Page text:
Paths of Chiefs QB Alex Smith, Packers QB Aaron Rodgers cross again

KANSAS CITY, Mo. — Their names have been linked since the first round of the 2005 NFL Draft when the first player selected was University of Utah quarterback Alex Smith, and choice No. 24 was University of California quarterback Aaron Rodgers.

Alex Smith, left, with cornerback Antrel Rolle, quarterback Aaron Rodgers, wide receiver Braylon Edwards, running back Ronnie Brown and running back Cedric Benson at the 2005 NFL Draft in New York. (AP Photo/Gregory Bull)

Alex Smith, left, with cornerback Antrel Rolle, quarterback Aaron Rodgers, wide receiver Braylon Edwards, running back Ronnie Brown and running back Cedric Benson at the 2005 NFL Draft in New York. (AP Photo/Gregory Bull)

A decade later, Smith and Rodgers will be together in Lambeau Field when the Chiefs and Packers play Monday night.

It’s been quite a journey for both men since that day at draft headquarters in New York when Smith was grabbed by San Francisco with the first choice and Rodgers was forced to wait through 23 more picks before the Green Bay Packers called his name.

They hold very different standings 10 years later.

Rodgers is considered one of the two or three best quarterbacks in the league, with a pair of MVP honors and remarkable career numbers in completion percentage (66 percent), touchdown passes (231), lack of interceptions (57) and passer rating (106.4).

All this came after he spent his first three seasons on the Packers bench, behind one of the position’s great ironmen, Brett Favre.

Did sitting and watching Favre hinder Rodgers’ development as a starting NFL quarterback? Packers head coach Mike McCarthy doesn’t think that was the case at all.

“It’s not do you play the quarterback, it’s really is the team ready for the rookie quarterback?” said McCarthy, who has an interesting view of Smith and Rodgers as the offensive coordinator in San Francisco in 2005 before becoming the head coach of the Packers in 2006.

“The situation was different with Brett (Favre) here,” McCarthy continued, “but I knew after our first year in 2006 we felt he (Rodgers) was ready to go, and in 2007 when he did get to play it was clear he was ready to go. It definitely helped him.”

Smith’s time in the spotlight as the No. 1 choice was pressure that he admits years later was not handled very well.

“Shoot, it was four or five years before you totally drop that,” Smith said of dealing with the first-choice designation. “It can be a lot of anxiety, you know, self-talk can get you and stuff like that. You can carry a lot of weight around and it was hard for me, hard for me early on.”

In his first three seasons with the 49ers, Smith made 30 starts, throwing 19 touchdown passes compared to 31 interceptions. San Francisco was 11-19 in those games.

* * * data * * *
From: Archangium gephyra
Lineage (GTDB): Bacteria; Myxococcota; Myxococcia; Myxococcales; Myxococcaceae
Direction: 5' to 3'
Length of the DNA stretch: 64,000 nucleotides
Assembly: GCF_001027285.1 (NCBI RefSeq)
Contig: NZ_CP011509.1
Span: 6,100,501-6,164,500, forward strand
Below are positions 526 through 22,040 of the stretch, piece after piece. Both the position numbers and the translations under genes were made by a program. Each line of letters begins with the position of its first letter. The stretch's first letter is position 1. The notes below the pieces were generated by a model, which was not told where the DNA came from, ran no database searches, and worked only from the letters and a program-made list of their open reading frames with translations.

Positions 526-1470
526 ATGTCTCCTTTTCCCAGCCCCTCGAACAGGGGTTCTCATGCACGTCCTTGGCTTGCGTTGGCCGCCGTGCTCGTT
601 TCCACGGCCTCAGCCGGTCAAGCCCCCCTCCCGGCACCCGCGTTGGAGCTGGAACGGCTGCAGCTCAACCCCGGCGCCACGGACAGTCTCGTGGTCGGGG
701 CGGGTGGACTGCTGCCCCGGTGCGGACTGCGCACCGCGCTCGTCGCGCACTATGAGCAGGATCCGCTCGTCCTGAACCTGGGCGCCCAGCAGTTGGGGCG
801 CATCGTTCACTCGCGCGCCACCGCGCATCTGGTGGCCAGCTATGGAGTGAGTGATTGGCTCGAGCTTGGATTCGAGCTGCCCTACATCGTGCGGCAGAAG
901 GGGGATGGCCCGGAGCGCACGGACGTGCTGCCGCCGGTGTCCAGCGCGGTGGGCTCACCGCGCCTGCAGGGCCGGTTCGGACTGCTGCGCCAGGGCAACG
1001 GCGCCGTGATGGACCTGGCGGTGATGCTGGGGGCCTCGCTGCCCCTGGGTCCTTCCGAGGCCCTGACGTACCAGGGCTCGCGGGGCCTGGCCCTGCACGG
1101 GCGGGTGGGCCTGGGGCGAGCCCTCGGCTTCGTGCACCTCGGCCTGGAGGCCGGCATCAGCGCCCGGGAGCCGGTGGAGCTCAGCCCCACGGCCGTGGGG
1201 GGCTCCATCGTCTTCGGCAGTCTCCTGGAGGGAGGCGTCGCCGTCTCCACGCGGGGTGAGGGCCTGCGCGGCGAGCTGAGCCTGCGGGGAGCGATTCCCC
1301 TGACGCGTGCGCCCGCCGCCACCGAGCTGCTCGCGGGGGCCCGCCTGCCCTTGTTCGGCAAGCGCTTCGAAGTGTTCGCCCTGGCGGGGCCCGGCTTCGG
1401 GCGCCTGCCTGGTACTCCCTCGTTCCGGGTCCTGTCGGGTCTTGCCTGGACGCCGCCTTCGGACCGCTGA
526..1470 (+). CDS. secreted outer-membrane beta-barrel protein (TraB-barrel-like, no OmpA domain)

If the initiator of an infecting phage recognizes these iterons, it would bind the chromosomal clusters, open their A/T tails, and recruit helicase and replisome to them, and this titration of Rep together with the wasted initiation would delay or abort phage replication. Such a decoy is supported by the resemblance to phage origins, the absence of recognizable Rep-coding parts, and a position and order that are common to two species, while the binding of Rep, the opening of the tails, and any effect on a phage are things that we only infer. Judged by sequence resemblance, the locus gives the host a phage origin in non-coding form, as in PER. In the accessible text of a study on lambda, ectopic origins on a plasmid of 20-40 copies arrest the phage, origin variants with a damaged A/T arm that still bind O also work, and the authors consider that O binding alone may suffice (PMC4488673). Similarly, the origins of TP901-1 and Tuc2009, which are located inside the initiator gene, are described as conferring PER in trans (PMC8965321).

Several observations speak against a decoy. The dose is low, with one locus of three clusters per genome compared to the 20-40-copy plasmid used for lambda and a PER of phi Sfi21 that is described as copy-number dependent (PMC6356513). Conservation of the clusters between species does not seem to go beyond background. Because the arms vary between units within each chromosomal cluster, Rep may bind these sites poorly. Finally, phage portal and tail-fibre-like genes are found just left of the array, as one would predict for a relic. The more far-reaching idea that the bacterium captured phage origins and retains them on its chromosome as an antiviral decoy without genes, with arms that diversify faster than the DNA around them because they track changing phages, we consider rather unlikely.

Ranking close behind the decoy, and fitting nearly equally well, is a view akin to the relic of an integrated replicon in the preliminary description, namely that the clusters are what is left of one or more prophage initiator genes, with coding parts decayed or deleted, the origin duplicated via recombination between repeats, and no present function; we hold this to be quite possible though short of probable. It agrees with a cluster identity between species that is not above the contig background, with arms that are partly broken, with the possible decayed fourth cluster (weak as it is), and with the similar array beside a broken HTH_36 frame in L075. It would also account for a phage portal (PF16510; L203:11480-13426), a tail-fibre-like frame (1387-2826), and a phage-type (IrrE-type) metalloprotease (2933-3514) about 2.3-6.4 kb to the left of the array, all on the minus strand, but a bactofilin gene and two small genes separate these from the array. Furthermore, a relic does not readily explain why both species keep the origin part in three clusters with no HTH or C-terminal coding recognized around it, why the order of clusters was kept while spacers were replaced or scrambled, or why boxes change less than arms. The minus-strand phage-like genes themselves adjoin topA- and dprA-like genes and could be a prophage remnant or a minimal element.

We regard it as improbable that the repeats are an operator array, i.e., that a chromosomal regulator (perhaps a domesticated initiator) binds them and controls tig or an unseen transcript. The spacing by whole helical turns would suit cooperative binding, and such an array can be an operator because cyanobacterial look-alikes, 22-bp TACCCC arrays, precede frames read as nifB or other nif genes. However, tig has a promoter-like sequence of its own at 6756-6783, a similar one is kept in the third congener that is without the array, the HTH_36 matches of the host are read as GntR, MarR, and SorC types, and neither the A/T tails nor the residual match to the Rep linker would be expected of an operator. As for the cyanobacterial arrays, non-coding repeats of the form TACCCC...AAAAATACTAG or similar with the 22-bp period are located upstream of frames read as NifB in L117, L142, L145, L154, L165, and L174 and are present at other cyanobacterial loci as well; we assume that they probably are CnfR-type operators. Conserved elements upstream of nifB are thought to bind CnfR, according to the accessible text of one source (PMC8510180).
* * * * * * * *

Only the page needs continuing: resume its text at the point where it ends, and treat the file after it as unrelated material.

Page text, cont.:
Smith missed the 2008 season with a shoulder injury, and that happened to be the year where Rodgers became the Green Bay starter, replacing Favre. Since then, Rodgers has started 116 games in the regular season and playoffs, with the Packers posting a 78-38 record in those games.

For Smith, it would be two more seasons (2009-10) before he was able to produce on the field as the Niners starting quarterback. In 2011, he led San Francisco to a 13-3 record and into the NFC Championship Game where they lost to the New York Giants. The next season, Smith was 6-2-1 as the starter before a concussion sent him to the sidelines and he was replaced by Colin Kaepernick. That move ultimately led to his 2013 trade to the Chiefs.

“You just keep going and try to play through it,” Smith said of putting the No. 1 pressure behind him. “Stuff happens, good and bad, and I think eventually time—time is probably a big factor in that, at least with me it was. Just getting removed from it and letting it go.”

In hindsight, would Smith rather been the 24th selection in the first round or even the No. 2 pick, rather than the first name called?

“No, I mean, listen, I haven’t given that any thought,” Smith said. “I’m so thankful for where I’m at, personally and professionally, and obviously I wouldn’t want any of that changed over where I was picked.”

Rodgers said this week he’s never spent time thinking what might have happened if he was the No. 1 choice, not Smith.

“I don’t really play those what-if games,” Rodgers said. “He went to San Fran and had a lot of different coordinators and I got to come here … I’m happy where I’m at.”

Smith is still battling to reach Rodgers status in the league, especially when it comes to the Super Bowl ring the Packers quarterback wears. He thinks this season may be the best chance of his career because of the continuity that Andy Reid and his coaching staff have provided the Chiefs offense over the last three seasons.

“To have this kind of stability is rare in the NFL,” Smith said of an offensive coaching group that has not changed since joining the Chiefs in 2013. “It’s not just me, but all the guys here, to be able to play in the same system and to master it, master the details of the scheme, of your position, for all of us to get on the same page—it’s taken everybody … I think when you have that stability, obviously you’re able to do that.”

Monday night’s game will not be the first time Smith and Rodgers have been on the field with opposing teams.

In the 2012 season opener, San Francisco went to Green Bay and while Rodgers won the statistical battle (30 of 44 for 303 yards), Smith’s 49ers went home with a 30-22 victory thanks to touchdown passes to Randy Moss and Vernon Davis.

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Bob Gretz is the senior editor for ChiefsDigest.com. Use the contact page to reach him or find him on Twitter: @BobGretzcom.

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